What are weld maps?
A weld map is a version of the drawing used to number each of the welds or joints contained within it. The process of numbering or annotating each weld’s location is what turns the standard drawing into a map. The benefit of the weld map is that it creates the weld’s visual position on the map.
What is a weld log?
Traditionally, operators have used a “weld log”- a paper sheet with fields for data points on each weld. This concept of a worksheet filled with fields on a repetitive, manual task is common across many other documents in a production environment, not only the welding industry.
What information usually is entered into a weld log?
These records list weld information such as a unique number for each weld, the welder who welded it and the type of inspection and the date it was carried out. The weld number and the welder’s identification number is also recorded on the pipe beside the actual weld.
How are welds tested?
Welds can be tested by destructive and non-destructive techniques. Most production is tested by use of non-destructive methods. The most common non-destructive tests to check welds are Visual Inspection, Liquid Penetrant, Magnetic Particle, Eddy Current, Ultrasonic, Acoustic Emission and Radiography.
What is a PQR welding?
The procedures for creating and testing the sample welds, as well as the final results, are documented on a Procedure Qualification Record, or PQR. In short, a PQR serves as evidence that a given WPS can, in fact, be used to produce an acceptable weld.
What is weld traceability?
Weld Traceability Marked up drawings (eg. weld maps) detailing all welded joint locations and weld identification numbers shall be provided by the Contractor with corresponding weld traceability records on all welding work, except for Structural Welding classified as AS/NZS 1554.1 GP.
What does BS stand for in welding?
6 British Standards (BS) 7 International Organization for Standardization (ISO) Standards. 8 European Union (CEN) standards. 9 German Standards (DIN and others) 10 See also.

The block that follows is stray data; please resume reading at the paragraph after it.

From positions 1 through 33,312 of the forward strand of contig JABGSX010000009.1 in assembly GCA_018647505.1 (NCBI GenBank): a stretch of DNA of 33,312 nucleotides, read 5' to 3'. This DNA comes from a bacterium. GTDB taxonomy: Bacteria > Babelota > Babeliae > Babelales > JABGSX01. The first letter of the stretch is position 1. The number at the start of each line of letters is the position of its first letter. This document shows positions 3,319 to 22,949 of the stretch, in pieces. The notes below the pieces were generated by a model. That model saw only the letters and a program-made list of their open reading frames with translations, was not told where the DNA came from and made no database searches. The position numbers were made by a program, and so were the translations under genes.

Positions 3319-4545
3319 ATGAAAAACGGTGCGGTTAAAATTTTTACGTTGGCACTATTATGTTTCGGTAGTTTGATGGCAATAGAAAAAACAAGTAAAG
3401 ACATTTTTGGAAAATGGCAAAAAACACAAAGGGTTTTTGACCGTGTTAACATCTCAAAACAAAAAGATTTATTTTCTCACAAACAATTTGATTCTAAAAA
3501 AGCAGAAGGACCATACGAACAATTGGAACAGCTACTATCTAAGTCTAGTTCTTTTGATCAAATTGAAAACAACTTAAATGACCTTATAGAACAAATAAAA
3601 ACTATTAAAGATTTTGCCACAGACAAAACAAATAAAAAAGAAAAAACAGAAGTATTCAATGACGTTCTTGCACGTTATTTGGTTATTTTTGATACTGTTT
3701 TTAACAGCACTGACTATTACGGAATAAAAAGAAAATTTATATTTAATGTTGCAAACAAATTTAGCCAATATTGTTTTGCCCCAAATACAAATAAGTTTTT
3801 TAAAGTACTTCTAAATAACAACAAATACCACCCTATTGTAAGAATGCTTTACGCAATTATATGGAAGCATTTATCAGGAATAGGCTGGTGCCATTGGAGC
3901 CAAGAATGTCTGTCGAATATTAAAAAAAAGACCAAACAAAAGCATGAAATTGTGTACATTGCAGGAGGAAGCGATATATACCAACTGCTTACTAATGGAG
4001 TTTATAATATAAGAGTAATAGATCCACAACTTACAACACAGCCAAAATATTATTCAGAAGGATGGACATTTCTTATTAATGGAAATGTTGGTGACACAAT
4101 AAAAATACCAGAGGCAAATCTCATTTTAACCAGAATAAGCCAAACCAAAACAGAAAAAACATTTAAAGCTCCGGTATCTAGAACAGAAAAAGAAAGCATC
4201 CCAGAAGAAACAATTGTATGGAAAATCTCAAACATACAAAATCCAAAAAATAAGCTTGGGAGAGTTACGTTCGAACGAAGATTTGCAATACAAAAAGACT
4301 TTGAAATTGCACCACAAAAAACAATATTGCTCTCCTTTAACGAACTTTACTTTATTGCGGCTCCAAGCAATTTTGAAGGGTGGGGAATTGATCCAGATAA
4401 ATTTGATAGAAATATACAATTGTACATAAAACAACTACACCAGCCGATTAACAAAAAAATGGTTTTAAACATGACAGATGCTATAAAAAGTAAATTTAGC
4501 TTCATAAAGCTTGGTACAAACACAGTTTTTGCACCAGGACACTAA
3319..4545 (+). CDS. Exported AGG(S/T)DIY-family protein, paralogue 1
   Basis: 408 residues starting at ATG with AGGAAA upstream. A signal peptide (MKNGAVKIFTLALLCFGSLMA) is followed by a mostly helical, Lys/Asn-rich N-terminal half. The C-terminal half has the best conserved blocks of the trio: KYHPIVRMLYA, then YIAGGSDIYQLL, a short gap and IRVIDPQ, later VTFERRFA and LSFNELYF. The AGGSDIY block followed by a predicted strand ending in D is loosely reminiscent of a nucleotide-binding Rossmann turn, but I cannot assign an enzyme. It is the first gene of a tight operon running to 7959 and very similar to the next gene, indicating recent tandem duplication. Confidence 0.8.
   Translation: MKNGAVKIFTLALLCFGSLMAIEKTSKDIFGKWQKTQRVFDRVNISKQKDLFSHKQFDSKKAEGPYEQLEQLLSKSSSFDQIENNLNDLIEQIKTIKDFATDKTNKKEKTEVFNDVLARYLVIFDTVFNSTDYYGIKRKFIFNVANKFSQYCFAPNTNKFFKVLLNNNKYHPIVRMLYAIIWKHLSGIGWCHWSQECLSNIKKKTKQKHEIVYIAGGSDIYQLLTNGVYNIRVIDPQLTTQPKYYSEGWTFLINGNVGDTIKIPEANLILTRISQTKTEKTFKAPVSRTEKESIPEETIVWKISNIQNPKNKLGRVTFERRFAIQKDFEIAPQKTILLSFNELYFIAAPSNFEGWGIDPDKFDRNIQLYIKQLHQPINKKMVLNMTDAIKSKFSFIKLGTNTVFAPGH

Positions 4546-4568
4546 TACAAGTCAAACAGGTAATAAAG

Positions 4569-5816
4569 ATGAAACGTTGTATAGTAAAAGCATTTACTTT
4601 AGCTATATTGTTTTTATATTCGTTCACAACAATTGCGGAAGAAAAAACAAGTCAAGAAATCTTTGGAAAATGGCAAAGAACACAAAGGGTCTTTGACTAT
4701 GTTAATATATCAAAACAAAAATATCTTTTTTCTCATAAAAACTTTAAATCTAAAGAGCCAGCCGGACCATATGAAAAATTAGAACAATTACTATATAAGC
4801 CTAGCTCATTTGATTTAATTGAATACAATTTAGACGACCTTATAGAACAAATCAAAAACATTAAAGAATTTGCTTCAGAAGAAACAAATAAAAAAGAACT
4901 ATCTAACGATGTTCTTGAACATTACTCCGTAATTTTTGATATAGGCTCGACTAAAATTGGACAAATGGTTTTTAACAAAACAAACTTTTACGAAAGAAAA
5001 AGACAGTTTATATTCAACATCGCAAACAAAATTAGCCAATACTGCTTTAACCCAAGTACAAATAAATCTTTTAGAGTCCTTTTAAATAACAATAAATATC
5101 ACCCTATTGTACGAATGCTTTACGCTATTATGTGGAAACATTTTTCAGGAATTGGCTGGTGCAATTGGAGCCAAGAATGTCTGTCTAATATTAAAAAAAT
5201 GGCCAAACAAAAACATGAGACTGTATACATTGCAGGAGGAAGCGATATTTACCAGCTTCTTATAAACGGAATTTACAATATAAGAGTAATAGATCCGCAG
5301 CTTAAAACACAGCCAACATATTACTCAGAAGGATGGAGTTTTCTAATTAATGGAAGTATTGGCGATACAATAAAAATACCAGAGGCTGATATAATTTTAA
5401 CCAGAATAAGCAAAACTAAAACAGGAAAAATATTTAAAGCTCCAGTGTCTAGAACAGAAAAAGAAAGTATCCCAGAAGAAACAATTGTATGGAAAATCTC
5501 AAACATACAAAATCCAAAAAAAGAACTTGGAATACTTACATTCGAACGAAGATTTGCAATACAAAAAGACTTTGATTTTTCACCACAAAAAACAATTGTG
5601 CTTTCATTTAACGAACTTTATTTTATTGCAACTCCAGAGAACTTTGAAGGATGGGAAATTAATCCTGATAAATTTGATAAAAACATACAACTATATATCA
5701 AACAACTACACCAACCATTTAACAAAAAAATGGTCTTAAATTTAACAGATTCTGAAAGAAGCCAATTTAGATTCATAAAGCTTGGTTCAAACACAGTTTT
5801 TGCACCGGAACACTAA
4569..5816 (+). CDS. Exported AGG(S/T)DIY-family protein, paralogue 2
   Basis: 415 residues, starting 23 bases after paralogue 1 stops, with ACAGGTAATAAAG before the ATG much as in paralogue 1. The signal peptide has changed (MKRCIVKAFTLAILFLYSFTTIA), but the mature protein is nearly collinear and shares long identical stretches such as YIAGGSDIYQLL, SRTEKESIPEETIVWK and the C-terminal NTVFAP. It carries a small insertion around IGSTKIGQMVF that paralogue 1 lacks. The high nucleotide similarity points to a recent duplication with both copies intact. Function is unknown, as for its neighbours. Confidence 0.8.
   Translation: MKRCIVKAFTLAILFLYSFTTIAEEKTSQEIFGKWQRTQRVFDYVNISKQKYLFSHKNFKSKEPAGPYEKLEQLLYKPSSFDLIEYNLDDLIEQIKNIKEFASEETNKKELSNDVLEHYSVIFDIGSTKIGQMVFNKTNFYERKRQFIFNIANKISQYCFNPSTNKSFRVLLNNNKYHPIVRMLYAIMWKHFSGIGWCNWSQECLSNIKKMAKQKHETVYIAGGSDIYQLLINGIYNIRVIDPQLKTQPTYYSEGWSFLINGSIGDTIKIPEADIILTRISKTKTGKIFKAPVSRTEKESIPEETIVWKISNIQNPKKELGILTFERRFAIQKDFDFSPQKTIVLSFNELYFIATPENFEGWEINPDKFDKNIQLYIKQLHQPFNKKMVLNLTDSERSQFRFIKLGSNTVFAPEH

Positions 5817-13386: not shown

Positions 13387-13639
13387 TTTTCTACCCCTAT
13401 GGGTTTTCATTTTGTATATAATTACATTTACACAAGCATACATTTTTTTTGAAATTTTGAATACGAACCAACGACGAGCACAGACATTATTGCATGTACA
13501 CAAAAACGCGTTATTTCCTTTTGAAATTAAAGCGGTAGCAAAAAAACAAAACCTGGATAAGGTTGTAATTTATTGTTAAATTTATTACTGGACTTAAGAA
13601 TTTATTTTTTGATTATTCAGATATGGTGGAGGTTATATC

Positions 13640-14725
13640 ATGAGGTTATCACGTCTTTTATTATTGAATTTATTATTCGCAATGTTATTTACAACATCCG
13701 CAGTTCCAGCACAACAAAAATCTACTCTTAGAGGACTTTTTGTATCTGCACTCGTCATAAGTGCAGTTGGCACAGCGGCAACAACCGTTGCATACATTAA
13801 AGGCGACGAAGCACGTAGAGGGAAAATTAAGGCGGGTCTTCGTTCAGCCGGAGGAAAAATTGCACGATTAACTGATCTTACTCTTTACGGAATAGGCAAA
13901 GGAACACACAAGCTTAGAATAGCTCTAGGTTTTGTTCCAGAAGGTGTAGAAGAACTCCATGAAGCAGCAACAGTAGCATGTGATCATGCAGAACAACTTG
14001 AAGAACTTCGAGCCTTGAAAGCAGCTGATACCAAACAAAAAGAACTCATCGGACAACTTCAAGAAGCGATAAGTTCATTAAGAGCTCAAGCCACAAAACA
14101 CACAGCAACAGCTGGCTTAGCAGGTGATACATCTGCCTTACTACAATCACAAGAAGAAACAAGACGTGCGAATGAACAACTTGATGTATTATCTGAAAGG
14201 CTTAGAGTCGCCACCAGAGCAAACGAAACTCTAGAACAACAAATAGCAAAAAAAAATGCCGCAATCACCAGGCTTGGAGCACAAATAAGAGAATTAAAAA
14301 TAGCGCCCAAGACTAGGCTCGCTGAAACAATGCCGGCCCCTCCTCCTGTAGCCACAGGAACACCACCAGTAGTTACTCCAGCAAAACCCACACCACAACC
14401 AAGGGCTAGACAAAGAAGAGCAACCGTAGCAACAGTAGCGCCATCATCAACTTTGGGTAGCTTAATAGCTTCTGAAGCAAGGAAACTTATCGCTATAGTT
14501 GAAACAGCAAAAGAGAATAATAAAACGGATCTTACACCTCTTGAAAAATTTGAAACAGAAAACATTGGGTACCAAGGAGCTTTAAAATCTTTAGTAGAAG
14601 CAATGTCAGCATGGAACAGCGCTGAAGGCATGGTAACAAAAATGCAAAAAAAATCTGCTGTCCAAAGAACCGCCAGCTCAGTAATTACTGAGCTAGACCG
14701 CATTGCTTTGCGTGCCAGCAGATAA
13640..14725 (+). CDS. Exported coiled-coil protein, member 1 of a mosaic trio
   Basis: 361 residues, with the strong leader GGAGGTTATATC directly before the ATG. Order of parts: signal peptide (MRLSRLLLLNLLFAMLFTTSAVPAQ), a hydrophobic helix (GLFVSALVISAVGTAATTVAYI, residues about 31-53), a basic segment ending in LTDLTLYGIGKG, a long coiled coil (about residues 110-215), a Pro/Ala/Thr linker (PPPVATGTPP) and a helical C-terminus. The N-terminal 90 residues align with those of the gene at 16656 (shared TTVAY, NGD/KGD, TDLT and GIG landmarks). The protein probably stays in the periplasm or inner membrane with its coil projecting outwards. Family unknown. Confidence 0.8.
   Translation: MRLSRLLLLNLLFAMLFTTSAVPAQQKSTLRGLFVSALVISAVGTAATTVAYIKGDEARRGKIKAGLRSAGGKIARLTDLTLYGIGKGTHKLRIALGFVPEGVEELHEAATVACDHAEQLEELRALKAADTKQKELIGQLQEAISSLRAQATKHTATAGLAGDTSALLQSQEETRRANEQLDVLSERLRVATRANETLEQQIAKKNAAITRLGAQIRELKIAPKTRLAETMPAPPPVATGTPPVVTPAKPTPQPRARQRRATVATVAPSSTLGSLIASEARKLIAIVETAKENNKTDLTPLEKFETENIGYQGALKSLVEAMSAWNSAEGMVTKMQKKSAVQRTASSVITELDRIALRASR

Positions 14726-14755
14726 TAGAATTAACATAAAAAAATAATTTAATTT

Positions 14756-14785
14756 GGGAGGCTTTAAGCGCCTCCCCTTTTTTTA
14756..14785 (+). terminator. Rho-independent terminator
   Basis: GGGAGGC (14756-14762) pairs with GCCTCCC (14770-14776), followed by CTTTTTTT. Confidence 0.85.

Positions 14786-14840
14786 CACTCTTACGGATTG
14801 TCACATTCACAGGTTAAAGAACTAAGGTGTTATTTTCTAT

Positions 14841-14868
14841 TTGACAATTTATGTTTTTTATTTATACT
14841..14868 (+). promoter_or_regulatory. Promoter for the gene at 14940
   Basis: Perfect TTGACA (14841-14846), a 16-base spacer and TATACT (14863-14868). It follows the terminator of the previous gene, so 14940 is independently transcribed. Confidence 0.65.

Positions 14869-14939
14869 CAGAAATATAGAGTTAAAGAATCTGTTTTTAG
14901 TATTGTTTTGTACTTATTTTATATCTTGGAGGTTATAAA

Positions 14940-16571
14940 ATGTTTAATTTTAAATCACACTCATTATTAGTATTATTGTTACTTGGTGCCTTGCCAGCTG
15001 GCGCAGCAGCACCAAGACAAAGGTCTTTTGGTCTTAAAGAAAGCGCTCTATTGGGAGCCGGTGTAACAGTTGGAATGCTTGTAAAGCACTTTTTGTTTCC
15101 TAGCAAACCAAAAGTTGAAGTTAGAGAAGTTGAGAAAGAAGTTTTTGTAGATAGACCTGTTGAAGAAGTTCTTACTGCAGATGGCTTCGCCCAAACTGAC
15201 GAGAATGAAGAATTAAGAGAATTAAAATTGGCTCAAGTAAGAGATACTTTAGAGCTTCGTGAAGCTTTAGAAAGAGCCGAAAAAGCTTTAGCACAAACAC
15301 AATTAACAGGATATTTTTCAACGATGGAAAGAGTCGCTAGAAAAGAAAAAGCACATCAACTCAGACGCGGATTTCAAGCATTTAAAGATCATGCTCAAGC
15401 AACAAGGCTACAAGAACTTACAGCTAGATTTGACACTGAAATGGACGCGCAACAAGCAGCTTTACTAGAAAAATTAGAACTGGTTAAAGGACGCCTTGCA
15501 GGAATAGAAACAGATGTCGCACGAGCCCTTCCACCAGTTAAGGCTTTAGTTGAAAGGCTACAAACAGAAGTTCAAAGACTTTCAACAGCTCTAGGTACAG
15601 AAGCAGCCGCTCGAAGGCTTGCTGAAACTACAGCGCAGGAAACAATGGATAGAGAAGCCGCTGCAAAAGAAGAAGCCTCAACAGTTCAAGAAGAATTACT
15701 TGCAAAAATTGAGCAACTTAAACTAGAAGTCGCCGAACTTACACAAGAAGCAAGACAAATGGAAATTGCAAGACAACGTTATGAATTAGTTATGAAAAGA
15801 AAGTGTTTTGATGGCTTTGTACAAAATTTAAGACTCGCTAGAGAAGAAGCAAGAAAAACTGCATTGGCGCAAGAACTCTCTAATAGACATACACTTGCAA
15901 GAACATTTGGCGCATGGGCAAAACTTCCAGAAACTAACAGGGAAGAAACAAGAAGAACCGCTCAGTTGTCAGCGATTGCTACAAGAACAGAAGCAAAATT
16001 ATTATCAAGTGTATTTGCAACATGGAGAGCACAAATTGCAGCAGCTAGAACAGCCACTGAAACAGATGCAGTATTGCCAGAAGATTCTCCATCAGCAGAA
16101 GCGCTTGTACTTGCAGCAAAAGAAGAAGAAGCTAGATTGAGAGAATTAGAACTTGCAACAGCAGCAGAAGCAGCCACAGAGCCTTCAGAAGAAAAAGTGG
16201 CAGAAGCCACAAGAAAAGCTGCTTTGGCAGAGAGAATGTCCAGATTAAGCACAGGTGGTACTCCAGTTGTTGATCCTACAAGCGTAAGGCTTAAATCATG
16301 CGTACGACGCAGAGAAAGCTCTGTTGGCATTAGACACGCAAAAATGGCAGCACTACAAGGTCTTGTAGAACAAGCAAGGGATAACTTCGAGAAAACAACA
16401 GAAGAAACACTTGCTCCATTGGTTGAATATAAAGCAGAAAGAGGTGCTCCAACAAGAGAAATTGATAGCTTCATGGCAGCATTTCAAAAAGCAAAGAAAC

How thick should a weld be?
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|Base metal thickness (T)a||Minimum size of fillet weldb|
|1/4 < T < 1/2||6 < T < 12||3/16|
|1/2 < T < 3/4||12 < T < 20||1/4|
|¾ < T||20 < T||5/16|
What is a weld sample?
The welded sample is first inspected for any visual discontinuities and then sectioned, and two small samples removed at predetermined locations. These small samples are polished across their cross-section and then etched using some type of mild acid mixture, dependent on the base material used.
What is a weld map used for?
Weld Map A weld map is a version of the drawing used to number each of the welds or joints contained within it. The process of numbering or annotating each weld’s location is what turns the standard drawing into a map. See the weld map example below; this example includes nine welds and two segments or piping spools.
What are the different types of welding mapping?
Depending on the industry, client, specifications, codes, and company quality program, other forms of mapping may be used or required on a project. These different types of mapping may include heat number mapping, thickness mapping, or welding procedure specification (WPS) mapping.
What is the difference between Weld map and Weld log?
Terms & Definitions 1 Weld Map: Drawing upon which welds or joints are numbered creating a visual map 2 Weld Mapping: The process of numbering or annotating the welds on a drawing 3 Weld Log: A table style document that contains data in rows and columns. Weld log rows correspond to the numbered joints on the weld map.
What are the different types of WPS used in welding?
Another example of this weld can be made by numbering the weld seam and then referencing these weld seams along with their respective WPS in a table. The WPS 01 will be used for longitudinal and circumferential joints of the vessel. The WPS 02 will be used for dish head to shell joints. The WPS 03 will be used for boot welds.